But Singh has not been to Punjab for a year, as he campaigned against the new agricultural laws with farmers at one of three protest sites in the Indian capital, claiming they would be open to exploitation.
Sipping his morning tea surrounded by young protesters, Singh said, “When I first came here, I thought I would be here for 15, maybe 20 days, but Prime Minister Narendra Modi spent a whole year here. have make.” At a campsite in Singhu, on the outskirts of Delhi.
On Friday, numbers rose at all three protest sites as farmers gathered to mark a year of civic action that pushed Modi into a rare policy reversal last week.
On 19 November, the prime minister said he would formally repeal the law because the government had failed to convince farmers of its importance.
Modi said, “I urge all my agitating farmer companions… come back to your homes, fields and your families. Let’s make a new beginning.”
But they didn’t go home.
Conversely, union leaders say farmers will continue to protest until the government meets their demands, including raising the minimum price for their produce, withdrawing legal action against some farmers and compensation to hundreds of families. . Farmers who died as a result of civil action.
Singh slept for 12 months on a blanket-wrapped wooden cot inside one of the hundreds of huts, the main protest site, Singhu.
Modi’s ruling Bharatiya Janata Party (BJP) had insisted that the reforms would fix the problem-ridden system. Earlier, farmers had to sell their goods at auctions, where they would receive the Minimum Support Price (MSP) by the government at least for some of their crops.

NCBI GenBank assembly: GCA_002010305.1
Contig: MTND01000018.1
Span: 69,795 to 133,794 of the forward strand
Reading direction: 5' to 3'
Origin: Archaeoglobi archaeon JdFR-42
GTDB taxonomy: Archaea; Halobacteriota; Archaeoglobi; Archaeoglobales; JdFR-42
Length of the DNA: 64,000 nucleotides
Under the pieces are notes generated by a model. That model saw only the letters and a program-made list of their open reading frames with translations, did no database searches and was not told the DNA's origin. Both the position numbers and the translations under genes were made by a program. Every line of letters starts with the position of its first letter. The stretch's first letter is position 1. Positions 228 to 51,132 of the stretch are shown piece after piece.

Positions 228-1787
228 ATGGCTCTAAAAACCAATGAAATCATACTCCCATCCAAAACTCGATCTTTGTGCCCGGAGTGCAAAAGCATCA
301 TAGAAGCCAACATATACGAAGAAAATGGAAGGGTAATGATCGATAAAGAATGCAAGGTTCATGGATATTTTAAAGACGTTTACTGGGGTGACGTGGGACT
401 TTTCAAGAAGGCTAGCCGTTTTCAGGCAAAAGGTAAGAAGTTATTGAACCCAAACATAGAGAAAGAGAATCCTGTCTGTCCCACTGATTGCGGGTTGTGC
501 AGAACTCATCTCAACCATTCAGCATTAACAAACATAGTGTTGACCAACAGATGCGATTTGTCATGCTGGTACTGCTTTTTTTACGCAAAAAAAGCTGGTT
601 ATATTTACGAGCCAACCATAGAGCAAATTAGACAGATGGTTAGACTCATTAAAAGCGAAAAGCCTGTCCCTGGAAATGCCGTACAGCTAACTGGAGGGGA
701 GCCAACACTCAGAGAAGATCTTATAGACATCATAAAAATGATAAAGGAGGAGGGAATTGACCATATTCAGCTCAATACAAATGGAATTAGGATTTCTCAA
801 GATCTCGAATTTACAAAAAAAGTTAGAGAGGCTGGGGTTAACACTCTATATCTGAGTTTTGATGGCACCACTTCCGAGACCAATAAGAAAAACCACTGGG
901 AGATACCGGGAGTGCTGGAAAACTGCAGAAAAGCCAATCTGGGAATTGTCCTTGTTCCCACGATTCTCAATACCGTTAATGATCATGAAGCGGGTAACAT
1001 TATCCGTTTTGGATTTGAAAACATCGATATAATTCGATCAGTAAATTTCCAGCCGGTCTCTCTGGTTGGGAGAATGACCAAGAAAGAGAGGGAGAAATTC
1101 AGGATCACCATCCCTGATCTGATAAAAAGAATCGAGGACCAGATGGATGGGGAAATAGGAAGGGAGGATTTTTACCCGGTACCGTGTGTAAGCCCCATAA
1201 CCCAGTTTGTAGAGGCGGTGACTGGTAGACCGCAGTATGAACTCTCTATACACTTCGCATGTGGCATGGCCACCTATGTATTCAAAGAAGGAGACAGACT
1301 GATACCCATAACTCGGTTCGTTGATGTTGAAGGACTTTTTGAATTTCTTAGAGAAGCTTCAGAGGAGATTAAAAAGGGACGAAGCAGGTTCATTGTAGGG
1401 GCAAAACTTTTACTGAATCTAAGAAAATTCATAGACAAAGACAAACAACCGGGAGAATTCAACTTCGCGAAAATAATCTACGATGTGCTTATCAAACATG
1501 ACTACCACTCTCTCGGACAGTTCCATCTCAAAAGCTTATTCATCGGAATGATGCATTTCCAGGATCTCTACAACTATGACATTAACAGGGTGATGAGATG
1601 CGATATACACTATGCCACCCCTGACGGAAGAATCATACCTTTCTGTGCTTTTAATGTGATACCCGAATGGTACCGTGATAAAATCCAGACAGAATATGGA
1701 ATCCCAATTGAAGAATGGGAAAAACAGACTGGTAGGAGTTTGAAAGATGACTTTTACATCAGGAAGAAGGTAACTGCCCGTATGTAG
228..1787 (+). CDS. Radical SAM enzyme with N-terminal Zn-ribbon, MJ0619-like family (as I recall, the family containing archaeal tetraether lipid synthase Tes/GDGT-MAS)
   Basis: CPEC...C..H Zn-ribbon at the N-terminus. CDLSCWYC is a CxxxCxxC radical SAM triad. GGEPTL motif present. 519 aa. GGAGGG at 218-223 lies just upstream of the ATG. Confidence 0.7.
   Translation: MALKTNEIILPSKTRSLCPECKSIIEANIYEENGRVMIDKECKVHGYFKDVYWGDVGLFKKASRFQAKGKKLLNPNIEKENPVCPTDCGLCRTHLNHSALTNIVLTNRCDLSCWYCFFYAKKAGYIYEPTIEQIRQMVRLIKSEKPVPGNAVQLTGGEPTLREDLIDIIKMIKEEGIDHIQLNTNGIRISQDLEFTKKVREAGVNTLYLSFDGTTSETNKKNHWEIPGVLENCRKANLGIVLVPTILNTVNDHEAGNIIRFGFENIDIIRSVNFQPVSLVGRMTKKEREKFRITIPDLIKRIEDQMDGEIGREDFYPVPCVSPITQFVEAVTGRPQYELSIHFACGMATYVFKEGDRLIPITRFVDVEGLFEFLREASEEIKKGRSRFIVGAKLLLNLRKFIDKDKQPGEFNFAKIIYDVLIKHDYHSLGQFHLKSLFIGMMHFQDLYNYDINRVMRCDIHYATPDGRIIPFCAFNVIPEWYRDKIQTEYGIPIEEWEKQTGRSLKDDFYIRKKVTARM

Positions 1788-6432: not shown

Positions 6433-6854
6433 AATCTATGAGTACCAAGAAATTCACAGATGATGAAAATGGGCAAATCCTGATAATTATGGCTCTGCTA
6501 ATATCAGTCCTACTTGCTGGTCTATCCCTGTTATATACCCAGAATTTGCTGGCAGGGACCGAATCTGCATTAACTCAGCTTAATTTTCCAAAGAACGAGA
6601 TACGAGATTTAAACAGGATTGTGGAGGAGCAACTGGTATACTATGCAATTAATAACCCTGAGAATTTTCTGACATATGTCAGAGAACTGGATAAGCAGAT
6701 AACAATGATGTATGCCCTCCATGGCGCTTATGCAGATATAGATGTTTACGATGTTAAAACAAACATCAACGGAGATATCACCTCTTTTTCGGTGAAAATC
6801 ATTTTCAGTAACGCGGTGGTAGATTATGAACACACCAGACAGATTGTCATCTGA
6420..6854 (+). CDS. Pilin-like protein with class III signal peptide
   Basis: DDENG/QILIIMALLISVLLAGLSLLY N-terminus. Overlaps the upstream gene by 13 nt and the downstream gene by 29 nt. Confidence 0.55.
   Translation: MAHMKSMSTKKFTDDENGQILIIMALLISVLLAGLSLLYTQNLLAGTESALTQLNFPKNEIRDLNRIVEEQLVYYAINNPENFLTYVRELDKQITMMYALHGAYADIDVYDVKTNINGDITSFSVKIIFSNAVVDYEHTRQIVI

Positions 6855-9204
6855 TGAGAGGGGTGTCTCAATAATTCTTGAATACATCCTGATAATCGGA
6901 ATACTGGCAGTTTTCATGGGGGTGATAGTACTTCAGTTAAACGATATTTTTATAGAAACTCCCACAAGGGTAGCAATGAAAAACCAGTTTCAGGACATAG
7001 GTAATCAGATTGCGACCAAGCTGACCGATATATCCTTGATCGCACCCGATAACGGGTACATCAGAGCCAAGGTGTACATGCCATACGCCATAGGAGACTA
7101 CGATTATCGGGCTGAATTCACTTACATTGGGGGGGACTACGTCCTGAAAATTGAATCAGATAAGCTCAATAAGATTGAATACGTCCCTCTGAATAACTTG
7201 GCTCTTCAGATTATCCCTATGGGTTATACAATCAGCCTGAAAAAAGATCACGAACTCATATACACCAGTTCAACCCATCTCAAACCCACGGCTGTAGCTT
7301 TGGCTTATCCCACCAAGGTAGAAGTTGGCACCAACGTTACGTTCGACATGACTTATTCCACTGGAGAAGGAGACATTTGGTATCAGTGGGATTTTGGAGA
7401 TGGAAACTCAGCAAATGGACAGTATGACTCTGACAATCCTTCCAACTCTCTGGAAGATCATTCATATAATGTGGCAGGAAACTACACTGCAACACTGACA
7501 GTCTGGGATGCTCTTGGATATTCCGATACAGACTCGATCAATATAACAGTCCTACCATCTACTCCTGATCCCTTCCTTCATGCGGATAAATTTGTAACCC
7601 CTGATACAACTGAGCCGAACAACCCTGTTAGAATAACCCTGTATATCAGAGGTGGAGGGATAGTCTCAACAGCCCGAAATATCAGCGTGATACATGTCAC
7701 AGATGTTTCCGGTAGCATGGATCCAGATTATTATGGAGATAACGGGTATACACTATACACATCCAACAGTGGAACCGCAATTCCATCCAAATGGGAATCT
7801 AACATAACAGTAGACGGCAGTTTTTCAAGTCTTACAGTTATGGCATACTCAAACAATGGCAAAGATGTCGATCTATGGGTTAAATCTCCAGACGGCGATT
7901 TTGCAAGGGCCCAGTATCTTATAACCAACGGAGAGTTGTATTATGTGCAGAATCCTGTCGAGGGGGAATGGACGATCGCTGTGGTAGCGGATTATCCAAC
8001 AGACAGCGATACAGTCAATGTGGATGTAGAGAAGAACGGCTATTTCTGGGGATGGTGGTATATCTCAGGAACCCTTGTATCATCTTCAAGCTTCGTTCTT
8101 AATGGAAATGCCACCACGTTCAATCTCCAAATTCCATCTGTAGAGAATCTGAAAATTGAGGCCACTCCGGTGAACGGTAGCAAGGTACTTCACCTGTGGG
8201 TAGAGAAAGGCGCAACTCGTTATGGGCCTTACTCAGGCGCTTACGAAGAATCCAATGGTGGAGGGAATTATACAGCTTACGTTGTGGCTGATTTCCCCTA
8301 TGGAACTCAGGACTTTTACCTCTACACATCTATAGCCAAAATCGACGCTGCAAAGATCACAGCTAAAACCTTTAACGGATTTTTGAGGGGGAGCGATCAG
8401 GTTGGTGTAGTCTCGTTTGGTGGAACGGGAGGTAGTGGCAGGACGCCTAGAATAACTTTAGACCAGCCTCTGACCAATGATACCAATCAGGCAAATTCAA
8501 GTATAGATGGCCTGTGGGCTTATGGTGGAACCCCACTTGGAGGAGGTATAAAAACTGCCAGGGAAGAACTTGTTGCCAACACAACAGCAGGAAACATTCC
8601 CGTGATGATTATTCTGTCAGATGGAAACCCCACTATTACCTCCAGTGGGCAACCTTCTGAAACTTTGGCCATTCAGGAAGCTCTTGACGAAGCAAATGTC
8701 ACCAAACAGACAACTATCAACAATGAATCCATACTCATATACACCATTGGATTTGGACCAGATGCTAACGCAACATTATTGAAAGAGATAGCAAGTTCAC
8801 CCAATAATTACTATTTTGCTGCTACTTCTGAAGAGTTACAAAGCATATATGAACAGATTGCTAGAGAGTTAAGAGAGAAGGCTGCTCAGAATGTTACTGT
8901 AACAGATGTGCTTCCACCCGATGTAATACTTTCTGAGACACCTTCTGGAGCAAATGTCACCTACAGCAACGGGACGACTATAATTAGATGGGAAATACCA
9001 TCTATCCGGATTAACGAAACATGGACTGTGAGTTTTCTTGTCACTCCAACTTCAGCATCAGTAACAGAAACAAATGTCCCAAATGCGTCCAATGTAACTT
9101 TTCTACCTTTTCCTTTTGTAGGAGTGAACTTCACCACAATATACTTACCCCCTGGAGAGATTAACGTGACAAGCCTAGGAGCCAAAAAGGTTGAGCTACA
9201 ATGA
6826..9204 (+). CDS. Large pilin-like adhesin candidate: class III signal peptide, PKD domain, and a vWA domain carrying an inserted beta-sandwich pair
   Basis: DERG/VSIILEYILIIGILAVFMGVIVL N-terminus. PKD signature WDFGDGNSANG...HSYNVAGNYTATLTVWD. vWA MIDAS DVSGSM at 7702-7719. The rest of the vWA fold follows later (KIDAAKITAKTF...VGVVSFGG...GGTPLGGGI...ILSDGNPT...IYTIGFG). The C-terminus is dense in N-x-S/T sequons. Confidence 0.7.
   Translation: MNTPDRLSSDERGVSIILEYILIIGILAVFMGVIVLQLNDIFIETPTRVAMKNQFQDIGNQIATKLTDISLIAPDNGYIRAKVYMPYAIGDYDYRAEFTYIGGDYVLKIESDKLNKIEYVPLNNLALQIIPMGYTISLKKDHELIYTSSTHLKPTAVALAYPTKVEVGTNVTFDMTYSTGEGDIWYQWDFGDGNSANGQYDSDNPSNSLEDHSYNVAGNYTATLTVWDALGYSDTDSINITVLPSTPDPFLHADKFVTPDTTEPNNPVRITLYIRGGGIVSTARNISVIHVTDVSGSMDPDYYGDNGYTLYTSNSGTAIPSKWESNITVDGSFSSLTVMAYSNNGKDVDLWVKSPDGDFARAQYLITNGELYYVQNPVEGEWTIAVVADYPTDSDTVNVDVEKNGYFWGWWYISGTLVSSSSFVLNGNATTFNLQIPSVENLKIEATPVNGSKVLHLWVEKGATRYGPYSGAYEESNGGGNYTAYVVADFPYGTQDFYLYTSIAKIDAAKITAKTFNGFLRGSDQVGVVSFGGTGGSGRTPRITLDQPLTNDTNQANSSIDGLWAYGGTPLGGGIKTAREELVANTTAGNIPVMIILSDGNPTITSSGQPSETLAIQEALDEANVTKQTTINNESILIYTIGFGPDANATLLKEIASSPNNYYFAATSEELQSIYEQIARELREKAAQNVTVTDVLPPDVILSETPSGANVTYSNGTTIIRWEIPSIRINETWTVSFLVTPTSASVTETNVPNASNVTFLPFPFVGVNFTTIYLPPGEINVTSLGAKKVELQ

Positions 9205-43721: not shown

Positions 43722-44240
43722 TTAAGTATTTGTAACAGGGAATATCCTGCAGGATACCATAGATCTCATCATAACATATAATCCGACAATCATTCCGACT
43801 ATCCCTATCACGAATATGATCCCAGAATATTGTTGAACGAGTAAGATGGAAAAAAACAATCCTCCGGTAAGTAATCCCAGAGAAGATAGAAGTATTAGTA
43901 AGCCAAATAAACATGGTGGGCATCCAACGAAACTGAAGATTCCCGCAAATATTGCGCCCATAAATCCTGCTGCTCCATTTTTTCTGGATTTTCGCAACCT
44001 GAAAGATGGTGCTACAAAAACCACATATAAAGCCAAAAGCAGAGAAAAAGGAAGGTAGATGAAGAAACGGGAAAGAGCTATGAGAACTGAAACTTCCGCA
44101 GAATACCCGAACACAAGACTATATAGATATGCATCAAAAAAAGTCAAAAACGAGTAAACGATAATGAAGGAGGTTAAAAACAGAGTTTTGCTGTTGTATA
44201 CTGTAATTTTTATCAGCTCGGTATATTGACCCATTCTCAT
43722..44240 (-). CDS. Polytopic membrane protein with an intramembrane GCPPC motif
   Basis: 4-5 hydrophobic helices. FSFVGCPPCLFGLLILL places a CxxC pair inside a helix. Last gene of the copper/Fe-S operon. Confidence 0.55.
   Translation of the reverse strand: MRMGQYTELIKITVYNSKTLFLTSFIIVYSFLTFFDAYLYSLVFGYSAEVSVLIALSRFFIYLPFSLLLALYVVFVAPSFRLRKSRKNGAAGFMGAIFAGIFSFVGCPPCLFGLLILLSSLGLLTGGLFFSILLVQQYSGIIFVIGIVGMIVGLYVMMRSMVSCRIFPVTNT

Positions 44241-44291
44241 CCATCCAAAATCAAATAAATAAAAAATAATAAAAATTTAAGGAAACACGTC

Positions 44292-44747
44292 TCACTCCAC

Agricultural laws aim to loosen rules for the sale, pricing and storage of agricultural produce, which have protected farmers from a free market for decades. However, farmers said market forces could push prices down even further, and small farmers may find it difficult to negotiate favorable deals with the corporate giants.
According to a report by the India Brand Equity Foundation, agriculture is the primary source of livelihood for about 58% of India’s 1.3 billion citizens. The country is the world’s second largest producer of rice, wheat, sugarcane, cotton, groundnut, fruits and vegetables.
But according to government data, farmer households earned a median income of only Rs 10,218 ($137) a month in 2018-19 – Rs 316 less than the country’s average salary that year.
Economist Devinder Sharma said that most of the farmers do not give enough land to earn profit, which makes the credit weak.
“When farmers sow their seeds to grow crops, they are already making losses,” he said. “They sacrificed their income for the sake of consumers, and it is the small farmers who have been exploited the most.”
The abject poverty and debt faced by many farmers of India have forced some to take extreme measures. According to government data, more than 10,000 people ended their lives in the agriculture sector in 2019.